I put the bike into second gear and wound the up engine. Quickly releasing the clutch I felt the bike try to lurch forward but with the front brake on, me pulling back and the water, the tire broke free easily. Smoke started to flow out from the tire and Marcus gave me the signal that it was ready. I had other plans though, I always wanted to "Do a Force" like John Force so I just let it run.
The smoke started to billow around from behind. The sweet smell of the race fuel mixed with the acrid smell of the smoke drifted into my helmet. Marcus made a big sweeping motion to me that I could go, but I just smiled. He couldn't see me through my mask, but he understood immediately and smiled back.
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Finally when I was fully engulfed in smoke and thought I might asphyxiate myself I inched out of the water box. Soon I was not able to hold the bike back as the hot slick grabbed and pushed forward. I dropped the throttle and grabbed the clutch just as the tire started to chew its way toward the starting line.
Those chills ran up my back and my face flushed yet again. I could feel my heartbeat throughout my body. I inched forward to the staging lights. The first one lit, then both lit up as I settled in. My friend Ken was in the lane to my left. I had pestered that guy for a long time before I finally showed up to the races with a bike and he mentored me the whole time. I was finally there. I was racing against the first motorcycle drag racer I had ever seen. Ken staged and I throttled my bike up ready for the green light.
I could feel my adrenaline course through my veins as my heart pumped. I breathed as calmly as my body would allow as all my muscles tensed in anticipation. The three yellow lights lit and I dropped the clutch. Before the bike even had a chance to react the green light flashed. The rear tire grabbed the sticky ground and the bike lurched forward.
My feet, barely touching the ground at this time, felt like they were jerked back as the bike jumped. I felt the wheelie bars slap the ground to prevent me from doing a back flip. Hanging on for dear life I squashed myself down against the tank. Everything turned into a blur as I took off like I had a rocket tied to my ass.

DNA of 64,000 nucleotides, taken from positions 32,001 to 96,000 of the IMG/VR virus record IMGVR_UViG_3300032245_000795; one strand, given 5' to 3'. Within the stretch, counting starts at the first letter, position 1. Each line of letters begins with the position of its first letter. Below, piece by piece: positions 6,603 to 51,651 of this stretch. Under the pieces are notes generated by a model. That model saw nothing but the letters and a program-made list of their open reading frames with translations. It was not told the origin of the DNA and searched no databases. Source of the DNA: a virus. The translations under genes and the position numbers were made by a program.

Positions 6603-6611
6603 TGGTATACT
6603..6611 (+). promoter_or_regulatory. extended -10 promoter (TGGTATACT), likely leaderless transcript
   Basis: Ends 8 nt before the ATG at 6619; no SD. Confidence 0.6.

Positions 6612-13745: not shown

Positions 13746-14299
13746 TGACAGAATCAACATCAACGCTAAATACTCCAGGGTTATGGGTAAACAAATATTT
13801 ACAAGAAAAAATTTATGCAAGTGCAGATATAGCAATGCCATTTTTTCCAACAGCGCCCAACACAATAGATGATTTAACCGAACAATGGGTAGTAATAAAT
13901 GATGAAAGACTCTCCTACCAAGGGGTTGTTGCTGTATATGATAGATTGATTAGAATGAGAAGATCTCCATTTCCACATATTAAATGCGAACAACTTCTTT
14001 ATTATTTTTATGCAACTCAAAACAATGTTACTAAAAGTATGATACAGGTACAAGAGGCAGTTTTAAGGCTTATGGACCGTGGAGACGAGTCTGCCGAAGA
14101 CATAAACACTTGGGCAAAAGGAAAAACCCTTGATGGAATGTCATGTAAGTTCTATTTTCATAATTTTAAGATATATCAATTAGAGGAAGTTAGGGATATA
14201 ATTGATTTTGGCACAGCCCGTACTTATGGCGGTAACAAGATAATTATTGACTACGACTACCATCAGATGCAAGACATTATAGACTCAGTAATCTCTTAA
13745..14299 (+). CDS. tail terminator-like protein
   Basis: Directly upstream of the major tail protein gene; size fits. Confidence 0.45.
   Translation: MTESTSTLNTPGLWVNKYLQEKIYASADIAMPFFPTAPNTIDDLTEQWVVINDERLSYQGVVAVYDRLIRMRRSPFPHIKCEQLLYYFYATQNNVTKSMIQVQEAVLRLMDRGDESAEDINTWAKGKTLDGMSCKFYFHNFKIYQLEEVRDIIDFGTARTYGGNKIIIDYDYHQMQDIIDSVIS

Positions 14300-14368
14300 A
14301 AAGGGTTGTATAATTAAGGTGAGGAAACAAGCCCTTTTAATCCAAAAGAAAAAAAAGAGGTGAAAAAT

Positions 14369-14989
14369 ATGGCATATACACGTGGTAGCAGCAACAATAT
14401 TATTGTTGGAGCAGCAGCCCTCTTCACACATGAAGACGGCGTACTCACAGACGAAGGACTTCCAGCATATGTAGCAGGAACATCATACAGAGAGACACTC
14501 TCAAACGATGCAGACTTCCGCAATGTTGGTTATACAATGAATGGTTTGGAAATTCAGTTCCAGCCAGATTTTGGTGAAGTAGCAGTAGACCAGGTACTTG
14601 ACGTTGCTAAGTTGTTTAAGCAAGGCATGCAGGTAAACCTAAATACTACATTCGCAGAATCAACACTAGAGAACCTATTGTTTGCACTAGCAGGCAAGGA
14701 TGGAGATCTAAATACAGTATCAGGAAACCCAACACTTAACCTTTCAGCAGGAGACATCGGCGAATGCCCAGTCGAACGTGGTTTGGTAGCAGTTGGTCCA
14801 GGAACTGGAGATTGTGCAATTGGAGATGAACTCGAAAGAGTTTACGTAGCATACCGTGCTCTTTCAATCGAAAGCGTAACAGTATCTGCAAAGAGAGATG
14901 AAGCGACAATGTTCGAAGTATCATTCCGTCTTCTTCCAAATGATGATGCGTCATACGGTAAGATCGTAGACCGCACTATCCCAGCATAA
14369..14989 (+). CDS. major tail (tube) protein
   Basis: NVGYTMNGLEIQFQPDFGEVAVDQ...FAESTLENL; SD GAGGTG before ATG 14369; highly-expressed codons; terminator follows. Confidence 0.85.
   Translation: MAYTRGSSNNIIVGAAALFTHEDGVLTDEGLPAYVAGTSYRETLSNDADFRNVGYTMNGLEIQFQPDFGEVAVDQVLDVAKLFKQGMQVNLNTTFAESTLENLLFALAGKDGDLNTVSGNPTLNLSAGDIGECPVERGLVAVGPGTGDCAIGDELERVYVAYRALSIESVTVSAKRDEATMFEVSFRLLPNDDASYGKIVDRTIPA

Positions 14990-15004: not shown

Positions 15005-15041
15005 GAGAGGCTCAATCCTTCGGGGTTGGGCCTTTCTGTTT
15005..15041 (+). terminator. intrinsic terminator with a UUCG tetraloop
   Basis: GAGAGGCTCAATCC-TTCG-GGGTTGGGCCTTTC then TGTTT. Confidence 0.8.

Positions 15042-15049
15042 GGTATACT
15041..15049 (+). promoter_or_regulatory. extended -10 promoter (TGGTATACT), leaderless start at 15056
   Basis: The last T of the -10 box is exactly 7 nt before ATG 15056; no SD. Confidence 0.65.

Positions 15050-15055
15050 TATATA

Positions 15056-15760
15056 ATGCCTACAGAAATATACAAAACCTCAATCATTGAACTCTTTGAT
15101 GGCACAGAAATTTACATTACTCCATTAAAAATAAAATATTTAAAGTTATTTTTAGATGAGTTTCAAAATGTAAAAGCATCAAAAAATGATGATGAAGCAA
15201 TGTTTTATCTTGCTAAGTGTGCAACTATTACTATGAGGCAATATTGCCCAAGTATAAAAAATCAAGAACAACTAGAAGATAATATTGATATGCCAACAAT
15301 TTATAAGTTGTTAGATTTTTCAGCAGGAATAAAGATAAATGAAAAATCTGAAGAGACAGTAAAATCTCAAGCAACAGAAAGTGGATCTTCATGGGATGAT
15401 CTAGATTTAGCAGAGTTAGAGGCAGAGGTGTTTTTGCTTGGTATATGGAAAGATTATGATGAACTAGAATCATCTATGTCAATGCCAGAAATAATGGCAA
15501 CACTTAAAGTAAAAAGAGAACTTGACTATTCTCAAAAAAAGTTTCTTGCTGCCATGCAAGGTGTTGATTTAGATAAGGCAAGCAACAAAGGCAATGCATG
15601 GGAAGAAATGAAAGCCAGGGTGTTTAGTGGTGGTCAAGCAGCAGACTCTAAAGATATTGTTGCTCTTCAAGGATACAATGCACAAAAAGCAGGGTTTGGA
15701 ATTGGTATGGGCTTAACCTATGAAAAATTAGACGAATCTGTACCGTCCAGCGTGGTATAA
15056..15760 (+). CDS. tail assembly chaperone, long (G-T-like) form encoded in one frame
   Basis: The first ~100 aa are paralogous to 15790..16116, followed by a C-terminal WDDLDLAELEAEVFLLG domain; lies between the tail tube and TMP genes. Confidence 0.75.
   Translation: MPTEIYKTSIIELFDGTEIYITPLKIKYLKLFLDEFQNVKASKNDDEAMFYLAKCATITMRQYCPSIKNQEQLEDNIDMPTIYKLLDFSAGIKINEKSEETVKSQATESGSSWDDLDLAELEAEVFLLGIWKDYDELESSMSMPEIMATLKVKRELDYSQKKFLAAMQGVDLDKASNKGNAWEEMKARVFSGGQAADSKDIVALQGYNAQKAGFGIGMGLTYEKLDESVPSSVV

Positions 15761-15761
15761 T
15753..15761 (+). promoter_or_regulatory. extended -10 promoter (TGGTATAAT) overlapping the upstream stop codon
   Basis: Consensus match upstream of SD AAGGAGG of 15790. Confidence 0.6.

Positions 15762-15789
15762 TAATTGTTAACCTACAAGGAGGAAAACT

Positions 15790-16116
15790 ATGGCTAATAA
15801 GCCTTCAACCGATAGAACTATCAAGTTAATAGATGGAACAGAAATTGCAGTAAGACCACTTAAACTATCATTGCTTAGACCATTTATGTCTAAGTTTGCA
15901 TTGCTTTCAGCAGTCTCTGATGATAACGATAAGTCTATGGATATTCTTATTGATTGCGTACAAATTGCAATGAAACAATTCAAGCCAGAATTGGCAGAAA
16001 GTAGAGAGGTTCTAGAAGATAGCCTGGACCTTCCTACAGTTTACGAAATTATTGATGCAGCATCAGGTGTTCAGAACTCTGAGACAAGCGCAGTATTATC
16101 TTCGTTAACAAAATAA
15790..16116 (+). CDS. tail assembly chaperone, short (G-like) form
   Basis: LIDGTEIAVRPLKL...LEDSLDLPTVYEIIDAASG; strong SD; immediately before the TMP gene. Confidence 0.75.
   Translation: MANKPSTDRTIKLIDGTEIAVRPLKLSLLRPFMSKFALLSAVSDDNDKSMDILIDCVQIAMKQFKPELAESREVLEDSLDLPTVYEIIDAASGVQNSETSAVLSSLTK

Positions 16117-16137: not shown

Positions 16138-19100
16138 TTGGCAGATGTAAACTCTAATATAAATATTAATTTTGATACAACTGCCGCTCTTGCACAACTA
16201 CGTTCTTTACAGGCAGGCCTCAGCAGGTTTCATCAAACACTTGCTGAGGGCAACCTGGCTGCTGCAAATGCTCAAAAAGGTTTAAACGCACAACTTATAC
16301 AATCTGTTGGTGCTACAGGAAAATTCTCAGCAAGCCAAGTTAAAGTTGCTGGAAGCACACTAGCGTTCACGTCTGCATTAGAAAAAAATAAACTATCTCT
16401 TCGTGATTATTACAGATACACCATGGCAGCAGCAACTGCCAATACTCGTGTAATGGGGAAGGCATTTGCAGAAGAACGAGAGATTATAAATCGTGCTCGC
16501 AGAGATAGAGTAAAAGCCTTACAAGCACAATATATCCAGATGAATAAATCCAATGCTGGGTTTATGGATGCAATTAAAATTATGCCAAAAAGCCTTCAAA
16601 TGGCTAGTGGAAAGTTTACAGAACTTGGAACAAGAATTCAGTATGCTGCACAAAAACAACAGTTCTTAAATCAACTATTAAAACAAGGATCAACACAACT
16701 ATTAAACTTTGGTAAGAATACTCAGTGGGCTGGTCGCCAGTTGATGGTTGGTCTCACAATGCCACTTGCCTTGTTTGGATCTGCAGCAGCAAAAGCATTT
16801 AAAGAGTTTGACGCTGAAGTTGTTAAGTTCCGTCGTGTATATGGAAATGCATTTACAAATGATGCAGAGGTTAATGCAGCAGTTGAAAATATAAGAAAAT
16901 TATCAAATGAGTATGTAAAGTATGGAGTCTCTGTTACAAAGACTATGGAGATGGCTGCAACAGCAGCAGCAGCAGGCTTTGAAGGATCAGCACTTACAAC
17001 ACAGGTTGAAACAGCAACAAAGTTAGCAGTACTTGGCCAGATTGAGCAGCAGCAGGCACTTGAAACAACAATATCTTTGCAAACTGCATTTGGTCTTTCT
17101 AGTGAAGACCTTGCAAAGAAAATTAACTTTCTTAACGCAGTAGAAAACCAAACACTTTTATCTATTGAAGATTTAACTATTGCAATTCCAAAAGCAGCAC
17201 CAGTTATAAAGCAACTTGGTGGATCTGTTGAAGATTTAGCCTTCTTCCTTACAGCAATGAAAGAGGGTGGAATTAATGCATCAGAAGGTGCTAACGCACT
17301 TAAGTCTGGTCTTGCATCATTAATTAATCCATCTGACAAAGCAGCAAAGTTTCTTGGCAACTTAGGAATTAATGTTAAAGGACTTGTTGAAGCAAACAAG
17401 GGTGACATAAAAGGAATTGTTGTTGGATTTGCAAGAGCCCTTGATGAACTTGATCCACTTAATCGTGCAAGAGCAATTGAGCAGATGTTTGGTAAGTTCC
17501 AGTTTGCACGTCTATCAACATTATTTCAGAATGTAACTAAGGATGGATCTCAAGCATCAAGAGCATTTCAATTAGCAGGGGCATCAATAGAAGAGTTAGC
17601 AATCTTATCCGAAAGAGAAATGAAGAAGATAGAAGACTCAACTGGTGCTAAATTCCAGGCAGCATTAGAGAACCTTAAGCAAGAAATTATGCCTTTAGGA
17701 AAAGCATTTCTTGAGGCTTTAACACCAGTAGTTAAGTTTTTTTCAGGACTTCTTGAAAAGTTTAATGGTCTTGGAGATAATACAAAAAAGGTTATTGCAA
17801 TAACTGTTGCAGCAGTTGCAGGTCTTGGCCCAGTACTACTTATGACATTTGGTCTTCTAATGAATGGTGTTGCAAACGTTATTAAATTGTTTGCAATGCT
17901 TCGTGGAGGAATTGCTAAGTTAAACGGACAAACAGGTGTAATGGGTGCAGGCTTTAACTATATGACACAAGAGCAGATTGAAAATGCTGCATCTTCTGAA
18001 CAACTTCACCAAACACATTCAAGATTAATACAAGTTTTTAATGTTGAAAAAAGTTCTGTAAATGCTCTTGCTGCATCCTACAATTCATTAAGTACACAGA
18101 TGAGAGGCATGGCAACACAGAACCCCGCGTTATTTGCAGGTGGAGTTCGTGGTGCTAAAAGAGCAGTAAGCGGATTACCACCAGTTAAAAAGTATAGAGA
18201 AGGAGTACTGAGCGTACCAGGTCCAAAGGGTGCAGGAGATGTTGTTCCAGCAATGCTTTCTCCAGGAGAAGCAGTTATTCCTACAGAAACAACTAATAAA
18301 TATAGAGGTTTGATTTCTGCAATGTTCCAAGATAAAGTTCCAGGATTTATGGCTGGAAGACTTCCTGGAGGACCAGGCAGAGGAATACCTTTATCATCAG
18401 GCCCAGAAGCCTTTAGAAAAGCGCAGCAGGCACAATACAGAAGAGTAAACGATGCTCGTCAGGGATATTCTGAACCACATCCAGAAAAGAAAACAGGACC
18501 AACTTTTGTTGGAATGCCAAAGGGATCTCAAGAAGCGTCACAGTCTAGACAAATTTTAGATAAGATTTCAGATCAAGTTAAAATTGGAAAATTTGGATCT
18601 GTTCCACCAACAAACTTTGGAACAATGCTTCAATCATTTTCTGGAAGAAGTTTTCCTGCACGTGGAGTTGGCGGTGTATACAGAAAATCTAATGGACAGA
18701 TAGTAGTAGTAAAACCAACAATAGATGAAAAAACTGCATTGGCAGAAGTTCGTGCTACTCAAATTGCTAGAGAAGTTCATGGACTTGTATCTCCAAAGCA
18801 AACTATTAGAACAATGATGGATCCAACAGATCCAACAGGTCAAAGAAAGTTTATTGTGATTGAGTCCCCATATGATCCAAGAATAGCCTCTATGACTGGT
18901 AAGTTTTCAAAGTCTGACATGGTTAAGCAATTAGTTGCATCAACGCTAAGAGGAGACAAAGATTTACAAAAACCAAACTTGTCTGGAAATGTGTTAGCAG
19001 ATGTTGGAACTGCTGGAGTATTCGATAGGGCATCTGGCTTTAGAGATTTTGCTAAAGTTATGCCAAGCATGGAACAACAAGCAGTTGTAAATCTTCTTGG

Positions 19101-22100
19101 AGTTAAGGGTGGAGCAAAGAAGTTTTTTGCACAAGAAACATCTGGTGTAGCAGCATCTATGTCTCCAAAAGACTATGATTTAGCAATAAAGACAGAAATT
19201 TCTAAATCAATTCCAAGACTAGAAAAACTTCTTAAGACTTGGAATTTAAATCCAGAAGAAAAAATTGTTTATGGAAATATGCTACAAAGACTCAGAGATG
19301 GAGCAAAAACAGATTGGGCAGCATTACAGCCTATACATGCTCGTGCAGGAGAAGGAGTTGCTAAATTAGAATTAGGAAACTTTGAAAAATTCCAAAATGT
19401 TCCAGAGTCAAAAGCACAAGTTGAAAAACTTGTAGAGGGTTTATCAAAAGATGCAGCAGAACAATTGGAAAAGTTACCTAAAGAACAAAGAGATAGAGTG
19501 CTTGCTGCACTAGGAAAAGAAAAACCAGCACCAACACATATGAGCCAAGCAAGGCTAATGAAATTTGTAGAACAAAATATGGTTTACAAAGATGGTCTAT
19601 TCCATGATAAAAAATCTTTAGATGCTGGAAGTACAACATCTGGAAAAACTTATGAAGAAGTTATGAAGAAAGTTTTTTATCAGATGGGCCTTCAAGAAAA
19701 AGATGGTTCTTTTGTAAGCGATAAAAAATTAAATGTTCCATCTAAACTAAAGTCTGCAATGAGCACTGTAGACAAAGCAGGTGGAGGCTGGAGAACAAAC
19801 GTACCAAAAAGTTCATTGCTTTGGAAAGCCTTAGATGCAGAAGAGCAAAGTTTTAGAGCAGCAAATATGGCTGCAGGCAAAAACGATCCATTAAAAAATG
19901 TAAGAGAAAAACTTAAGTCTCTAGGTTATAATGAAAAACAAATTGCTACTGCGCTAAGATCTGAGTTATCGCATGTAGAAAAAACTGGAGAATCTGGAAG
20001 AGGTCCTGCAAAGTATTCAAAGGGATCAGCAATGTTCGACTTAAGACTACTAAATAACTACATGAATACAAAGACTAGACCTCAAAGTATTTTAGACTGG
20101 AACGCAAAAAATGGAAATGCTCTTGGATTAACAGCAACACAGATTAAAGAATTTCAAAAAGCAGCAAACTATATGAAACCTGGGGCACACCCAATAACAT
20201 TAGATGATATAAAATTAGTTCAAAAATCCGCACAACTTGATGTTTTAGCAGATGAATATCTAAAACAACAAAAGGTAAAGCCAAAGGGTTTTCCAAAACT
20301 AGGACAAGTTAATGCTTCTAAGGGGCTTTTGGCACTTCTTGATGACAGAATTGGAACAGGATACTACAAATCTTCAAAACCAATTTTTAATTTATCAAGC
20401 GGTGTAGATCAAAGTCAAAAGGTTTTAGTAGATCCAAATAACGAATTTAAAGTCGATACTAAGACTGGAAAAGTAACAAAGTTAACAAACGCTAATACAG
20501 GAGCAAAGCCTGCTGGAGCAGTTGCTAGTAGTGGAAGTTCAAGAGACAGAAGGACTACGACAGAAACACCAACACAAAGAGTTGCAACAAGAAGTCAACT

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I shifted into second gear and felt the wheelie bars roll behind me. My front tire only touched the ground briefly as I changed gears and I felt the wheelie bars slap again. My vision focused down the track as I listened for the tone of the engine for the next gear change. I started to feel the wind push against me as I accelerated. I shifted into third gear and felt the bike settle back on both wheels.
As much as I wanted to look over for Ken, I knew that could be fatal. He was running a much faster bike and wouldn't leave for almost two seconds. Fourth gear came and I pressed myself tighter to the bike trying to merge myself to it. I focused on the finish line as it got closer; quickly! The RPM's increased at a slower rate with each gear change giving me time to think between them.
All the races of my past came to me. From the very first run on my Shadow where I pulled a huge wheelie. (This was after I said "Don't worry, I'm gonna take it easy." Then the light changed and a monster was born.) To the run on my Magna that I did for Bike Week. I rode a wheelie through first and second gear going the entire length of the stands. That was big crowd pleaser.
I passed 80 mph and I shifted into high gear. The cool air was pushing in through any opening I had as I shot past 90, then 100, quickly approaching my goal. The traps were right there. 110 came and went! I held my breath for the last 50 ft, waiting for Ken to pass me. I shot though the traps as Ken passed me. Who won? I couldn't tell. He passed me at the same moment that we crossed the finish line. It was a perfect match up for us.
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He had slowed down for me on the return road and we rode back side by side. I asked him if he beat me. "I don't know. That was a close one."
Time for that beer.
Like I did on this day, what ever you do...
Enjoy the journey...
Oh yeah, I won!
Question: What is the wildest thing you've done?